Peder had stopped in his tracks by this point. He blinked a few times, his eyebrows furrowed. “But, we were going to run away…”

“…to Lake Havershim?” The man’s eyes widened. “I had wondered if she changed the place or used the same one for every man. Guess I know now.”

“I think I need to sit,” he said. Not finding a nearby bench, he fell woozily to a squat, his hands laced behind his neck. “What possesses a woman to do something like that?”

Raulin crouched down next to him. “I’d say all women are a devious sex and truly evil, but my wife has forgiven me and is taking me back, so that’s hardly fair. Besides, I think most of them are actually the same as men, in regard to being good or evil, that is. Katerin just happens to be of the darker persuasion. I’d suggest you fix your mind on getting your wife to forgive you and forget about Katerin. I know I am.”

When he looked at Raulin, there were tears in his eyes. “She won’t take me back. Why would she? I’ve been a fool!”

“You owe it to her to try, and grovel, and make it up to her. And if you fail, at least you showed her you were sorry. Last I knew she was in the guard’s station, resting.”

Peder nodded, stood, then took off back towards the main building

Raulin followed more slowly, on his way to make his appointment with Katerin. He had a more taxing, but better plan in his mind. He knocked on her door and she opened it a crack. “Oh, Darrick!” she said, flinging herself into his arms. “He was brutal! I thought he was going to strike me, he was so angry!”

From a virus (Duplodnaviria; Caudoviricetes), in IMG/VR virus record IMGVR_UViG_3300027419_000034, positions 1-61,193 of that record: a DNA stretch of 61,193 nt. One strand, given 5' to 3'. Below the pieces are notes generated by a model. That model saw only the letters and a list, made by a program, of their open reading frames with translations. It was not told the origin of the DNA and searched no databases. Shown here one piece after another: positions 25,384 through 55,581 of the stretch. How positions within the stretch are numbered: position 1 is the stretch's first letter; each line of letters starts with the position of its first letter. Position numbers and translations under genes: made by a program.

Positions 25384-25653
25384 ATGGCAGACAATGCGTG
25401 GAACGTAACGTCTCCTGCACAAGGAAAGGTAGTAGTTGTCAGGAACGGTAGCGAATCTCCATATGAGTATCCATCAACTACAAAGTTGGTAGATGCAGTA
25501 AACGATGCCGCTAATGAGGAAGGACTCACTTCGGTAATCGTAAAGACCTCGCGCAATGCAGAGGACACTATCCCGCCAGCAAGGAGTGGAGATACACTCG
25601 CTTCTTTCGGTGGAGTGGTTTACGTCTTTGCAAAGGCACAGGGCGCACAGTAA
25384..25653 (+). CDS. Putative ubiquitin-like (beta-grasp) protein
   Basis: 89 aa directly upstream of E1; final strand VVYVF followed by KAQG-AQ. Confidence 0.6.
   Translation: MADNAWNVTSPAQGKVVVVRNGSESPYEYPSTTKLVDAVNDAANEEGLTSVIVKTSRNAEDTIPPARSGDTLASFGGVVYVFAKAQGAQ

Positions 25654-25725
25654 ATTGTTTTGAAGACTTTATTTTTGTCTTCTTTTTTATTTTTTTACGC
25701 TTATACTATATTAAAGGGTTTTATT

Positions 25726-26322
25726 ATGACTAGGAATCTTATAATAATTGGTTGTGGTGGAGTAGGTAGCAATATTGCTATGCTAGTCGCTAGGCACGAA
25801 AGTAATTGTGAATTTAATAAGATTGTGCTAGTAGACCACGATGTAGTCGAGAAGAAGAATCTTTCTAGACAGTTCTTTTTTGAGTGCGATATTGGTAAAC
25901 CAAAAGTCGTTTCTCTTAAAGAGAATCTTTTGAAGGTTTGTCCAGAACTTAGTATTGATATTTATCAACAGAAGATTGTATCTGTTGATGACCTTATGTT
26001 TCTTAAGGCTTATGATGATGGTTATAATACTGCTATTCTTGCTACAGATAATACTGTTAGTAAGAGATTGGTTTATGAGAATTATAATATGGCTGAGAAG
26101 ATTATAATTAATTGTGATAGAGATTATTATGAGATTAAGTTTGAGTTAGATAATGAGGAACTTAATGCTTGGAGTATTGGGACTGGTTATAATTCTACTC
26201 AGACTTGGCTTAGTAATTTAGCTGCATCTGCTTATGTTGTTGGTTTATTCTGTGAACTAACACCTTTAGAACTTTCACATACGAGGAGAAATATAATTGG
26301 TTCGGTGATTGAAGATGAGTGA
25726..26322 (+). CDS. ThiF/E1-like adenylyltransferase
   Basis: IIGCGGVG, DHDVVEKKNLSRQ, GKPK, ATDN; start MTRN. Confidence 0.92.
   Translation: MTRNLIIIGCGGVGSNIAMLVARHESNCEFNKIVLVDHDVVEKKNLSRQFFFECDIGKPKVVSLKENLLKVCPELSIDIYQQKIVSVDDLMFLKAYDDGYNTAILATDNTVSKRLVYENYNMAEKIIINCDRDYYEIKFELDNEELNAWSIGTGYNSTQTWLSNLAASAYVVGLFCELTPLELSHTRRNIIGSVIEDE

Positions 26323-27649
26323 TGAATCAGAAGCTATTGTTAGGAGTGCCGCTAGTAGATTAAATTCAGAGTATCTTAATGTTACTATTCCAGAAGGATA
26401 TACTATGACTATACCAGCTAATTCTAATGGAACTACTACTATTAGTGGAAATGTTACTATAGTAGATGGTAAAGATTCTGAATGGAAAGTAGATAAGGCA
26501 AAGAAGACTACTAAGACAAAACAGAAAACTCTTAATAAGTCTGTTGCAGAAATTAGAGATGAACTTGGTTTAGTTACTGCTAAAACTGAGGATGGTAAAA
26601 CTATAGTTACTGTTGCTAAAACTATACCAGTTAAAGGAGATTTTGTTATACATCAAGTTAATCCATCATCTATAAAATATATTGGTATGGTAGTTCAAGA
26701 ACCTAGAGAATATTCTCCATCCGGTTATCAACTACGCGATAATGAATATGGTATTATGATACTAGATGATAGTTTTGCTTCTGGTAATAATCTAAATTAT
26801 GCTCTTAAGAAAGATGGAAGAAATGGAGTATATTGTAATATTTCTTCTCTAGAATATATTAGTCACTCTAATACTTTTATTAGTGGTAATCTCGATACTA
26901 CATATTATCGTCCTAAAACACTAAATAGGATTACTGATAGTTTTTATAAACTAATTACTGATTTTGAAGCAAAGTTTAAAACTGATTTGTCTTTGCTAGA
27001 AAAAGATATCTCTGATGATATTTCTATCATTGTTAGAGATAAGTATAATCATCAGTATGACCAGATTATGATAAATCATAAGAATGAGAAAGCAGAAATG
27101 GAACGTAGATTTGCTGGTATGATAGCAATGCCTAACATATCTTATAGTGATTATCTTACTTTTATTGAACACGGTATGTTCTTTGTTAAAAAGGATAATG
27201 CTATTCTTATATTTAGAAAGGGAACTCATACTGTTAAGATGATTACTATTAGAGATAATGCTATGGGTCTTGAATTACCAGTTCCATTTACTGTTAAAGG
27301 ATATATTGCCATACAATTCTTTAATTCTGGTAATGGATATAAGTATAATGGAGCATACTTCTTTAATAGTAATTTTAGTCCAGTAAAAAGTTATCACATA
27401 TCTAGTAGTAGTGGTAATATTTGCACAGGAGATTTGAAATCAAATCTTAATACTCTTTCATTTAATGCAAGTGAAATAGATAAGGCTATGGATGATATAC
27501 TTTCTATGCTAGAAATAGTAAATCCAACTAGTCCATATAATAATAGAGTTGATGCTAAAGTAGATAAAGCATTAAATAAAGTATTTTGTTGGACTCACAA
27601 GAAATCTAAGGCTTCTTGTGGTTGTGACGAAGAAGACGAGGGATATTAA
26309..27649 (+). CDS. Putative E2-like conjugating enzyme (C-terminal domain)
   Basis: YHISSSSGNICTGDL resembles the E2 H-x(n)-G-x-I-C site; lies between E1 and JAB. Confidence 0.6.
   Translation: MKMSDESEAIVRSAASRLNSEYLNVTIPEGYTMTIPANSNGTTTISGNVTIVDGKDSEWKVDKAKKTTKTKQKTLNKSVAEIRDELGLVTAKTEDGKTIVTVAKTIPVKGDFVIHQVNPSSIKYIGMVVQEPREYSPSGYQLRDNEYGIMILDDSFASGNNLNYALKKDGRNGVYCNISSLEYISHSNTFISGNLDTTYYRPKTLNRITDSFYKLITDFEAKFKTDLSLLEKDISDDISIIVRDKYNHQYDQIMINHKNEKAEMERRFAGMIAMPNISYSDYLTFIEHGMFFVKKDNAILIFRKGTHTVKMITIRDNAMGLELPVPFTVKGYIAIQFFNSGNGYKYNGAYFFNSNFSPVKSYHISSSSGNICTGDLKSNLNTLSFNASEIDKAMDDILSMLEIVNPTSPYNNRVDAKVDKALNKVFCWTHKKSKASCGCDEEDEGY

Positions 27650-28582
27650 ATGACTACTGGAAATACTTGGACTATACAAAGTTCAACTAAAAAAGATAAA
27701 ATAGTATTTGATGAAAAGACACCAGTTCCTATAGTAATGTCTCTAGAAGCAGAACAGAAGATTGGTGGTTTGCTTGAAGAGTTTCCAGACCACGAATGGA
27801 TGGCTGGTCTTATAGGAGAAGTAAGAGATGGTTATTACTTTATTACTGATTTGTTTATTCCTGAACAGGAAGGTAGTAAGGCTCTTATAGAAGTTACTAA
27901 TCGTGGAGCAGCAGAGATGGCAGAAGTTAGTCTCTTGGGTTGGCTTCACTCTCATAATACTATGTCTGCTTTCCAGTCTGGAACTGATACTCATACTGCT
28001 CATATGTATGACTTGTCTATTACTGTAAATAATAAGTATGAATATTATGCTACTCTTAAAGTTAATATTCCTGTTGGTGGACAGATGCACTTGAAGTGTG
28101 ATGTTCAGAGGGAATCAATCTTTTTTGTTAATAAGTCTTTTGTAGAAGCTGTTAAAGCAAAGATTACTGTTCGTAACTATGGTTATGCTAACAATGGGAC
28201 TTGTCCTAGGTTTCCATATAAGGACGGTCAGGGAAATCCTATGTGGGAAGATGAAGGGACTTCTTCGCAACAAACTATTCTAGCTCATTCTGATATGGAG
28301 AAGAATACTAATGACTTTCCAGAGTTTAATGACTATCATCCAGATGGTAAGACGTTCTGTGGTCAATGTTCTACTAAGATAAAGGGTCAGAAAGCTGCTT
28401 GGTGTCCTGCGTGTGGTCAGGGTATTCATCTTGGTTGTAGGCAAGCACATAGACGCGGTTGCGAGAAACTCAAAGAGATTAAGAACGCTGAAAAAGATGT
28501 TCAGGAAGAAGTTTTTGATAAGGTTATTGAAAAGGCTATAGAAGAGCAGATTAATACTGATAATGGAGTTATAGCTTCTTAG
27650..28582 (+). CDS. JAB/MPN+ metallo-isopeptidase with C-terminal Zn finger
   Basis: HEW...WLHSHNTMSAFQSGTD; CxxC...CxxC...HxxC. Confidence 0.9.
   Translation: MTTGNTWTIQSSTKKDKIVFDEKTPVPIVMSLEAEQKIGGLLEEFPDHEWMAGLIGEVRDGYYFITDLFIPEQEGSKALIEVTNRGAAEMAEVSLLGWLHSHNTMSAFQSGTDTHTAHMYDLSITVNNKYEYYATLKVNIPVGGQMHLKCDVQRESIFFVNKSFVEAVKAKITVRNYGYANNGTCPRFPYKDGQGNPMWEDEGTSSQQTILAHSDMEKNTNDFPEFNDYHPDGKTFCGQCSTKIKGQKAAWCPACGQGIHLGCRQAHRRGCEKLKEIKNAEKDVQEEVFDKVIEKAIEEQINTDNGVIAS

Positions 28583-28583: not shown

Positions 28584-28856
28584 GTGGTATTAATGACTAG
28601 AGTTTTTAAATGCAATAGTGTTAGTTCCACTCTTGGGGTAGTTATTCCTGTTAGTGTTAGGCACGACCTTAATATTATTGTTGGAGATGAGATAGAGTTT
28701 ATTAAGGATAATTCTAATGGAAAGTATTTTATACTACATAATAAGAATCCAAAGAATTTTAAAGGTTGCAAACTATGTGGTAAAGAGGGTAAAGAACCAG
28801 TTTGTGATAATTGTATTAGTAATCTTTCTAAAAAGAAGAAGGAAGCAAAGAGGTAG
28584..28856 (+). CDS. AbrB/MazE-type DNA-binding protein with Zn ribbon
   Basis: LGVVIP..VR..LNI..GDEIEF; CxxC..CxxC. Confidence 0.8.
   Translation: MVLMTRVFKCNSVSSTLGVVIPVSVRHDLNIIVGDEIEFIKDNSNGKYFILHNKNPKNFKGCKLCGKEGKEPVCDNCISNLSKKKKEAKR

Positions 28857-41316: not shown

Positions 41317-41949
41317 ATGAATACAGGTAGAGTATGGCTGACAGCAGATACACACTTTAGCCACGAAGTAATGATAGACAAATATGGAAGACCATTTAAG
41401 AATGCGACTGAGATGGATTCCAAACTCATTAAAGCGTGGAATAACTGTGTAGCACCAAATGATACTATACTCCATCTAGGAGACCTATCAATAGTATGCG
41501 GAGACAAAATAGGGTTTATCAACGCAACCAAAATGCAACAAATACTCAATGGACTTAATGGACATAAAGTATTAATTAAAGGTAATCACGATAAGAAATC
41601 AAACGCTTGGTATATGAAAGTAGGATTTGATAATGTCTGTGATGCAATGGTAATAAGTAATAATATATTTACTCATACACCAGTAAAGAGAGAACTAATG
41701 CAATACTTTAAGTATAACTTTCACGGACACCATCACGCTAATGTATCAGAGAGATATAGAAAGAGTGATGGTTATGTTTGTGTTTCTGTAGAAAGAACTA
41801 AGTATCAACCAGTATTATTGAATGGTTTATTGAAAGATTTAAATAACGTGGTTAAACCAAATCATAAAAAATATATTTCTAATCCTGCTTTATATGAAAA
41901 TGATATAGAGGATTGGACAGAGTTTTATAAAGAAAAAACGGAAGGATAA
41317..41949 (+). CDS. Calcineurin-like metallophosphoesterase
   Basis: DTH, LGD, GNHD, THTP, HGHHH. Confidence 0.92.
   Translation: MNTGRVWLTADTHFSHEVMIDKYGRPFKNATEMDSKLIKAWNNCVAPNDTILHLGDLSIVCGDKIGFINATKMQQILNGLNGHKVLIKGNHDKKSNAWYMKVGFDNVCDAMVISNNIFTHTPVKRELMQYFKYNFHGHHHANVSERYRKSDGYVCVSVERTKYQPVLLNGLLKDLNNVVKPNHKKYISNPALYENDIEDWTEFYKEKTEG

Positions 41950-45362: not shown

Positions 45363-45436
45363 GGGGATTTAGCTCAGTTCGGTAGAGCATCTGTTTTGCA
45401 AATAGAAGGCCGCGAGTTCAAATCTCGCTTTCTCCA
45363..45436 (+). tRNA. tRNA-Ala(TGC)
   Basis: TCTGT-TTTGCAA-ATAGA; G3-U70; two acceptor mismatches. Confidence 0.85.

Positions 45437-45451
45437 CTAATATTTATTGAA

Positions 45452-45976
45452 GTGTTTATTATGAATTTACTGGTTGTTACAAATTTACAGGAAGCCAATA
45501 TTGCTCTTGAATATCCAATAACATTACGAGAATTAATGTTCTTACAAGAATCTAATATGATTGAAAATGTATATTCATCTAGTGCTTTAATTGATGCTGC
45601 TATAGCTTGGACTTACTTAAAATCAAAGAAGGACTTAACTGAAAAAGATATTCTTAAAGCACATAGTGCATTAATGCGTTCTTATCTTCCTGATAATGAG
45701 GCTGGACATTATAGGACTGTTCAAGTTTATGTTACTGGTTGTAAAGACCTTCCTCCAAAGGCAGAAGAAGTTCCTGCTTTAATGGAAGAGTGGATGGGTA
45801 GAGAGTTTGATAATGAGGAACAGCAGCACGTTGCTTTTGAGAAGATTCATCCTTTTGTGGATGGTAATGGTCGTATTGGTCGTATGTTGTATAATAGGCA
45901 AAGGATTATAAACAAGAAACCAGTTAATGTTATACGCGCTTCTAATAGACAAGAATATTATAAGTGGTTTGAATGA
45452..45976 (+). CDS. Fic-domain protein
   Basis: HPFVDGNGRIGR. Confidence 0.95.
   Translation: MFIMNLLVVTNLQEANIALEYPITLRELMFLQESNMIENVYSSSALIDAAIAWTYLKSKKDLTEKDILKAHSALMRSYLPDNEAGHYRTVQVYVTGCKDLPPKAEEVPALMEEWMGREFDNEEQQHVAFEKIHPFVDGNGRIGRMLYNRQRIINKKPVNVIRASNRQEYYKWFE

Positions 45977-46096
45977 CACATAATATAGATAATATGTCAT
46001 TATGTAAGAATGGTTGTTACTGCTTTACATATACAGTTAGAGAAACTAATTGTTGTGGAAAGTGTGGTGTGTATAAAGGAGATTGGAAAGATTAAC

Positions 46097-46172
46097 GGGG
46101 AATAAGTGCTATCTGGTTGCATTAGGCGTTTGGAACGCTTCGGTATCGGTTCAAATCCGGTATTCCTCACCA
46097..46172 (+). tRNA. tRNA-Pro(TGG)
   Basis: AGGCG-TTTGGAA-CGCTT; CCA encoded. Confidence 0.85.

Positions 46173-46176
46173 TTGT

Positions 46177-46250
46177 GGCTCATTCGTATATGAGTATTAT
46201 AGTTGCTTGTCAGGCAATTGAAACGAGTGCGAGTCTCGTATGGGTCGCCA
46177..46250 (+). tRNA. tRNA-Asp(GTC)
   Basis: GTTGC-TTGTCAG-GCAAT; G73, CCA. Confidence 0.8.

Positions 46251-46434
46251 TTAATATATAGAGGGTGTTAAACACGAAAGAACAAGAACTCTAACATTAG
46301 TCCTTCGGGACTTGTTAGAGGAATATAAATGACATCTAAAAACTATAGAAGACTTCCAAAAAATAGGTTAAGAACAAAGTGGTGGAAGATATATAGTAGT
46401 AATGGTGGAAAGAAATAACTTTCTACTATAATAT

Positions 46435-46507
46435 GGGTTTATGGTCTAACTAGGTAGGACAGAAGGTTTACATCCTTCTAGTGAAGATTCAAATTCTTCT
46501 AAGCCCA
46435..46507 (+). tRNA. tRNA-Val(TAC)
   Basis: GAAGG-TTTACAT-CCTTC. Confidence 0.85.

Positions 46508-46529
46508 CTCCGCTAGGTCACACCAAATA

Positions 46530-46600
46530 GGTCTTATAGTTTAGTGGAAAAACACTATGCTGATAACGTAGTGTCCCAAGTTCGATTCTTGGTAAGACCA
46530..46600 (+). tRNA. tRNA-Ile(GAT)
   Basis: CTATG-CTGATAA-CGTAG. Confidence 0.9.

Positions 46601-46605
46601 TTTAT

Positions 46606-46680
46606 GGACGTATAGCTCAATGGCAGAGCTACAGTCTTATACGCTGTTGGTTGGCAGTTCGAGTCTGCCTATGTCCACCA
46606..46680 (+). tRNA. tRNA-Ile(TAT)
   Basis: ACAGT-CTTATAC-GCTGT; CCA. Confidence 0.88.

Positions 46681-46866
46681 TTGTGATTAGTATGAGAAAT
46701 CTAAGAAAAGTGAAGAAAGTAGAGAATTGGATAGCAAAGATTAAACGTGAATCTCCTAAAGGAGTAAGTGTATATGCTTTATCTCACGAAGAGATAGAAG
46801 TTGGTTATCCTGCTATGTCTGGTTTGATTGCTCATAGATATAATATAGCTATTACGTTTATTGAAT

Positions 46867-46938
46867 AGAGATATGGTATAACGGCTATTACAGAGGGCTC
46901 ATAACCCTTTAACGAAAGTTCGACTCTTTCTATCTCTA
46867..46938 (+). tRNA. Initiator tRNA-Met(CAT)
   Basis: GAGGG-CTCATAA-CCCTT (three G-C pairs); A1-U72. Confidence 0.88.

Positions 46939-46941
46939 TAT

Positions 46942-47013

She wrapped her arms around him and kissed him deeply. He kissed her back, surprised at how easy it was to slip back into that comfort with her. It was like a silk glove…around his neck.

“You’re all right then, my love?” He lifted her chin and moved her face left and right. “Yes, still beautiful,” he lied. At least he could admit that he had never found her as breathtaking as Anla. Katerin wasn’t even close.

She looked down, then up through her lashes with a small smile on her lips. Raulin didn’t think that Kazithu could give a better performance, but then again, he’d never watched his creveir friend with the intention of plucking his feather mattress. Karenin was extremely deliberate and perceptive, he realized, as her eyes watched him. He recalled countless times with her, especially in the beginning of their affair, that she would make a gesture, use a certain tone, say a phrase, and use that same look to see if he liked it or not. He was sure that by the end of that first afternoon with her, he had more hooks in him than the prized fish in a tiny pond.